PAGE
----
Confession seals the commitments, and those commitments do not lead to embarrassment.

Paul expected, therefore, not to be put to shame. He confidently had confessed Jesus as Lord. It was not a thoughtless or quick confession; it was the direction of his life.

The New American Commentary: Philippians, Colossians, Philemon Paul’s Commitment to the Philippians (1:21–24)

The themes of life and death explain how Paul would glorify God in his body—even death would not keep him from it. These themes also prompted him to evaluate the purpose of living. With this introduction to 1:21–24, it seems that the section explains the commitment of the previous verses (vv. 18b–20). As far as Paul was concerned, “to live is Christ and to die is gain.”

The New American Commentary: Philippians, Colossians, Philemon Paul’s Commitment to the Philippians (1:21–24)

Often Paul spoke of Christ as his life. In Gal 2:20 he said, “I live by faith in the Son of God.” In Col 3:4 he stated that Christ “is your life.”

Galatians 2:20 KJV 1900
I am crucified with Christ: nevertheless I live; yet not I, but Christ liveth in me: and the life which I now live in the flesh I live by the faith of the Son of God, who loved me, and gave himself for me.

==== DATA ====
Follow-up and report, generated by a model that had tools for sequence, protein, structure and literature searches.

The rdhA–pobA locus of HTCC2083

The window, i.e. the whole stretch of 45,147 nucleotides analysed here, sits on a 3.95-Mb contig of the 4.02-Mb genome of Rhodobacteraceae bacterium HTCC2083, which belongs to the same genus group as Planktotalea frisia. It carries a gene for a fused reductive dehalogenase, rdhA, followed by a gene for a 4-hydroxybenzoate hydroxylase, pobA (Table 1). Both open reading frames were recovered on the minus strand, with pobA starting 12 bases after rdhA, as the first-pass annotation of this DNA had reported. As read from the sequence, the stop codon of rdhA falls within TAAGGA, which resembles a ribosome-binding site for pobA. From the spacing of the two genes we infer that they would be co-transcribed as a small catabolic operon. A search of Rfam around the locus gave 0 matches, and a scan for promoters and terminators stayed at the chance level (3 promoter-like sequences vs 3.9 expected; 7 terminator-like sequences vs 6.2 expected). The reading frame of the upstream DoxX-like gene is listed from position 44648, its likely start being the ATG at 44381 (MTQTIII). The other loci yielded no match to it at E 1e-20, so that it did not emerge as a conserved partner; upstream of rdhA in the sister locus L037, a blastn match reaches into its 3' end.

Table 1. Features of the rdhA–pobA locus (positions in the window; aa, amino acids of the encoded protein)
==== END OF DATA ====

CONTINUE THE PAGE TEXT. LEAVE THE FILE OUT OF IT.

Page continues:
Colossians 3:4 KJV 1900
When Christ, who is our life, shall appear, then shall ye also appear with him in glory.
Galati
The New American Commentary: Philippians, Colossians, Philemon Paul’s Confidence of Future Ministry (1:25–26)

It was a joy in Christ through Paul’s release. A similar statement occurs in 4:10, where Paul said, “I rejoice greatly in the Lord that at last you have renewed your concern for me.” Their financial support caused Paul to worship and praise the Lord, who sent it through them. Naturally, the gift brought joy, but the greater joy was what it meant in the work of the Lord. Applying that understanding here, Paul realized that his presence provided an occasion for worship and praise. In spite of the similarity of 1:26 and 4:10, two different words describe “joy.” In 4:10, Paul used chairō, “to rejoice” or “be glad.” Here, the word is kauchēma, “to boast or be proud.” Kauchēma often suggests an occasion or object of the joy and has the sense of “taking pride in” something specific.